Yum Village located on Woodward in the New Center area has made a name for itself as one of Detroit’s best up-and-coming restaurants with its Afro-Caribbean cuisine. Owner Godwin Ihentuge spoke with Christy McDonald about the cultivation of Yum Village and future plans for the restaurant.
Ihentuge says that Yum village began as a series of popups with the intention of providing a shared kitchen space for up-and-coming chefs, who needed help to overcome barriers of owning their own spaces. The popups then evolved into a food truck and most recently, the addition of a brick-and-mortar location.
Yum Village still acts as an incubator for new restaurants and food concepts every 3-6 months, providing information on managing finances and marketing. Ihentuge says that they are many challenges facing up-and-coming restaurateurs of color when it comes to sustainability, and that’s why it is important to have steps and programs in place to help people acknowledge these realities.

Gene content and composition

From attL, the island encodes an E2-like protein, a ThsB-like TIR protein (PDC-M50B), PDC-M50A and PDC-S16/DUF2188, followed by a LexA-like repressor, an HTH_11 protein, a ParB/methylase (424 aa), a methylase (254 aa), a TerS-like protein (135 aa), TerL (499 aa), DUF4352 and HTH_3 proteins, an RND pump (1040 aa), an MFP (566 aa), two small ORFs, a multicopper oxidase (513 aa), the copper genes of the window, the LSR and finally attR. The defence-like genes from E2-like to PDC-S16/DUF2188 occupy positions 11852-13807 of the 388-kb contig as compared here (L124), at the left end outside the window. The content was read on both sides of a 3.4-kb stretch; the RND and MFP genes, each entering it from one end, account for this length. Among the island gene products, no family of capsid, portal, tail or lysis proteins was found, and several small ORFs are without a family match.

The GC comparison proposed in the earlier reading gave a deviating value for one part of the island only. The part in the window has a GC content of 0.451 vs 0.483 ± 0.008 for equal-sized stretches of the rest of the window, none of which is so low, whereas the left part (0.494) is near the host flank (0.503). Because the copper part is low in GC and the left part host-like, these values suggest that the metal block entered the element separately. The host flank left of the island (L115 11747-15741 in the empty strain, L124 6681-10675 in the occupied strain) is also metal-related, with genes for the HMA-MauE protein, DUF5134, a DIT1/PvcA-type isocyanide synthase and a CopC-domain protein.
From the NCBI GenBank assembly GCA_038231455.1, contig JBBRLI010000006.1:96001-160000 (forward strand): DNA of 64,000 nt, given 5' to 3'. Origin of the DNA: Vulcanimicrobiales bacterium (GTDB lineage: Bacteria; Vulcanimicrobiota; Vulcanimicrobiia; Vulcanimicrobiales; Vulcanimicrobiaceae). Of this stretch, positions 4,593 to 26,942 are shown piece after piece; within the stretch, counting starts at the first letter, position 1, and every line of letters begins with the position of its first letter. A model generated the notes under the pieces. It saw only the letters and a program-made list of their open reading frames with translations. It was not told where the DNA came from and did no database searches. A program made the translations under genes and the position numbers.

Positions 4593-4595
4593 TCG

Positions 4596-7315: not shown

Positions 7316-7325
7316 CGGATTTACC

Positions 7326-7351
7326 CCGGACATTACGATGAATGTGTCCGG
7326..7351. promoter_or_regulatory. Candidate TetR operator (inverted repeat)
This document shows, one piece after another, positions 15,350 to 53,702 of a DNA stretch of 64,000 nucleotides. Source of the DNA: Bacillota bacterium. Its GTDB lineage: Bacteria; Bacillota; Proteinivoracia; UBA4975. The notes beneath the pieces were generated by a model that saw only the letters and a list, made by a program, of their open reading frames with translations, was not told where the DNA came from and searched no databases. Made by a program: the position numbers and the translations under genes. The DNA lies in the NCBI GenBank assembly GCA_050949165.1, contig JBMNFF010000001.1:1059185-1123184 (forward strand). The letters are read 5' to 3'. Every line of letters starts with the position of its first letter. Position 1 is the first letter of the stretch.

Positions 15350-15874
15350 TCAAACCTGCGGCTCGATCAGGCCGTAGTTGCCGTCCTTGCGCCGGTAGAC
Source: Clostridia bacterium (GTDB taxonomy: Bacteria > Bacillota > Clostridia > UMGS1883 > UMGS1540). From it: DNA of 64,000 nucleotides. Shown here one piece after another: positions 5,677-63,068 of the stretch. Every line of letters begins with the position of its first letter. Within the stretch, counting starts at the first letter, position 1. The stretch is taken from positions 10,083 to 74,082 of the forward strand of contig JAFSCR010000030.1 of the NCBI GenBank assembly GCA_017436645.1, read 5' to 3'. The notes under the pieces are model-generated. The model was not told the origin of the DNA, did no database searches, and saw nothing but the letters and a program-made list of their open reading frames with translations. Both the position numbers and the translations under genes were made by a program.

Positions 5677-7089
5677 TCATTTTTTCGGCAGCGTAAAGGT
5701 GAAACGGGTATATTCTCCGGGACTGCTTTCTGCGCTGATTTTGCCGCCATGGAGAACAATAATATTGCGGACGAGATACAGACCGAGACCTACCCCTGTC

Yum Village also hosts cooking workshops twice a month as well as various arts and entertainment events.
Ihentuge says that he is excited to continue to spread the Afro-Caribbean influence in Detroit and is planning on expanding his hours to introduce the breakfast he grew up eating as a kid.
Featured Image: Chef Godwin Ihentuge of Yum Village